I’m a cartographer and photographer with a focus on connecting people with conservation. I currently lead cartography and spatial analysis at the nation’s leading public lands conservation and advocacy organization, The Wilderness Society. My maps are used in debates in Congress, films, stakeholder meetings throughout the country, court cases, our digital stories, meetings with donors, and more. I recently designed and produced the maps for National Geographic Magazine’s September 2022 cover story, “America the Beautiful.”

I founded Maps for Good with Ross Donihue in 2012 with the mission of creating maps and media to promote conservation initiatives and connect people with wild places. My work with Maps for Good has taken me to wildlands around the world, some highlights being mapping the future Patagonia National Park in southern Chile, creating science communication stories on the Farallon National Wildlife Refuge, mapping a Bellbird corridor in Costa Rica, and developing interactive maps of the then-proposed Bears Ears National Monument.

Before founding Maps for Good, I got my start in cartography at National Geographic Maps and National Geographic Magazine. I stay involved with the Society as a National Geographic Explorer with the Expeditions Council, which has funded multiple Maps for Good projects. I live in Seattle.

You can find some of my recent maps here and photography here.

Arctic Refuge map in Congress

Sometimes people lie with maps. Sometimes in ways that really matter. When that happens it is up to us as cartographers to set the record straight. With my colleagues at The Wilderness Society, I made a map to counter a decades-long deliberate attempt to mislead the American public about the impacts of oil drilling in the Arctic National Wildlife Refuge. In this video, the two maps go head to head in a debate on the House floor.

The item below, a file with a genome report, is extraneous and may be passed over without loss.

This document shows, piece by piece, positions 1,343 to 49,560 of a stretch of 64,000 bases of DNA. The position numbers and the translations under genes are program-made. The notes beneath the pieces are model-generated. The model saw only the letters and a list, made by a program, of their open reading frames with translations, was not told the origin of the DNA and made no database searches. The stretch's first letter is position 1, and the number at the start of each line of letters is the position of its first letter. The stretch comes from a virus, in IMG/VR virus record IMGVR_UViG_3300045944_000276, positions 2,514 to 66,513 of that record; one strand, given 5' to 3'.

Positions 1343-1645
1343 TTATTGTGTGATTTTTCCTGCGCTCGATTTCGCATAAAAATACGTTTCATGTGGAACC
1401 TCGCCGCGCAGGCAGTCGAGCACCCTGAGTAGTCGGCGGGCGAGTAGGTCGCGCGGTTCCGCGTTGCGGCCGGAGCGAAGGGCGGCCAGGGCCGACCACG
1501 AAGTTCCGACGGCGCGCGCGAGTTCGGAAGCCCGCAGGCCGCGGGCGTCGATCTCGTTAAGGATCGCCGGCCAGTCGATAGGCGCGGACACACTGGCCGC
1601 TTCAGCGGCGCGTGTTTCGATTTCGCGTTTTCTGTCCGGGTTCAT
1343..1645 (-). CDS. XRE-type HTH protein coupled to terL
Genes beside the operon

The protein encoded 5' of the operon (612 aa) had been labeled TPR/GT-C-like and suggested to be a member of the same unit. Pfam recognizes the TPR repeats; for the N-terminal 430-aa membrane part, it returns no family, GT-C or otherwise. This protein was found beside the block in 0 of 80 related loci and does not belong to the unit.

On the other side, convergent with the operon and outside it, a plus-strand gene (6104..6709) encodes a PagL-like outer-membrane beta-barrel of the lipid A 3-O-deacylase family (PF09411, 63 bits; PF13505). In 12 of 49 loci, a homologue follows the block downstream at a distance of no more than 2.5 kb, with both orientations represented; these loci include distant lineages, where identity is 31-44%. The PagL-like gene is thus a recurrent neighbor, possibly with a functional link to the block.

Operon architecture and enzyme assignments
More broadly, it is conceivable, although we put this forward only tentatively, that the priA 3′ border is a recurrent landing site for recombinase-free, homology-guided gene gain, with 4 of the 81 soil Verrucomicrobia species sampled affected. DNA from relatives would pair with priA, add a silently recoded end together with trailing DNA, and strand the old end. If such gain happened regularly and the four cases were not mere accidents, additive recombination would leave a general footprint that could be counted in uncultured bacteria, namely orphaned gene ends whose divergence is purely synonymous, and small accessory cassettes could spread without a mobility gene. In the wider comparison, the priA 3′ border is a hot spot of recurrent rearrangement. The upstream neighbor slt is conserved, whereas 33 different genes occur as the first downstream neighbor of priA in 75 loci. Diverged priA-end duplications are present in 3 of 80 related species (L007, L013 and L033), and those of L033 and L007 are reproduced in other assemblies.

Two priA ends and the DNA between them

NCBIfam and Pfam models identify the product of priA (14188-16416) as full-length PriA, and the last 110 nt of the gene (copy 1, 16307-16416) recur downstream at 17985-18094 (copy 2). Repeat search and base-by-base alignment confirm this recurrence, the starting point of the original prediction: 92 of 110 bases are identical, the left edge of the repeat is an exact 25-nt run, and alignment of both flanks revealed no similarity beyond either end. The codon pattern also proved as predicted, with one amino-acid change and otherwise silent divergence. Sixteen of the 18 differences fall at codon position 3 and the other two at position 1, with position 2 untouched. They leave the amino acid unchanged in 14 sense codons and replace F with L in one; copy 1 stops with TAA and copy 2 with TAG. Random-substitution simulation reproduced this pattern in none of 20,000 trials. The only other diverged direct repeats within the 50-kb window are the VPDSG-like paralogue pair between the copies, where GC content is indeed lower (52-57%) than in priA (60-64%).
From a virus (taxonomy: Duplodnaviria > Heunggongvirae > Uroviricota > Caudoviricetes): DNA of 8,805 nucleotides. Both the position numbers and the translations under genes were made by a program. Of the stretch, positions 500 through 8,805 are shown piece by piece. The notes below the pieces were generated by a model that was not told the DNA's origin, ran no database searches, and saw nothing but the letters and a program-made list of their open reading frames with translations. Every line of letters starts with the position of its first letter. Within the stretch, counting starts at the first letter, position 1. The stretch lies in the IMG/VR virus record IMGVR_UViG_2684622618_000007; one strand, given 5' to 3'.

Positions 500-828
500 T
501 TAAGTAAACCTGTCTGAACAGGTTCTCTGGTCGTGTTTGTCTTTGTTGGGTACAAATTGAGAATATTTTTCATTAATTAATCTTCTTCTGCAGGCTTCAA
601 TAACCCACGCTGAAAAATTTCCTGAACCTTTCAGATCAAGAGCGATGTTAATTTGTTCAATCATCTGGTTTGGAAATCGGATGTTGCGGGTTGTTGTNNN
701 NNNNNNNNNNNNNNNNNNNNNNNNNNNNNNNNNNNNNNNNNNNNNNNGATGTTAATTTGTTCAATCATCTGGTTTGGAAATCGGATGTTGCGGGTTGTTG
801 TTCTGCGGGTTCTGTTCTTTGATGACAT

Interview on the Dirtbag Diaries

Maps. We’ve all studied them. Stuffed them into backpacks or the seatback pocket of our car. Maybe we’ve even been led astray by a map. But have you ever thought about the person who made that map? Or how that person might influence your initial impression of a landscape?
“A map is not a perfect representation of a landscape. It’s an abstract representation,” says cartographer Marty Schnure. Today, we have a story about a mapmaker, Patagonia Park, and the process Marty uses to create a map–a map that she hopes will connect you to a place.

Credit for photos above: Allen Roberts (1), Ross Donihue (3&4).

National Geographic Magazine
National Geographic Society
Patagonia, Inc.
Conservacion Patagonica
Duct Tape Then Beer
Terry Tempest Williams
The American Alpine Journal
Cascades Wolverine Project
Point Blue Conservation Science
Q Media

featured in

National Geographic 20 Under 30: The Next Generation of National Park Leaders

National Geographic Adventure: See What Inspired National Park Champion Doug Tompkins
National Geographic Expedition Raw: Mapping Patagonia
National Geographic Expedition Raw: Mapping the Mysterious Islands Near San Francisco

Conservacion Patagonica News
Switchback Travel

maps in books

Erosion by Terry Tempest Williams (Farrar, Straus and Giroux)

Tracking Gobi Grizzlies by Douglas Chadwick (Patagonia Books)
Path of the Puma by Jim Williams (Patagonia Books)
American Alpine Journal (2018, 2019, 2021, 2022)
Gardens of the High Line by Piet Oudolf and Rick Darke (Timber Press)
On the High Line by Annik LaFarge (Thames and Hudson)
The Third Coast by Thomas Dyja (Penguin)

photos in books

Patagonia 2014 Holiday Catalog
Tools for Grassroots Activists (Patagonia Books)




spotted in the wild

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© Marty Schnure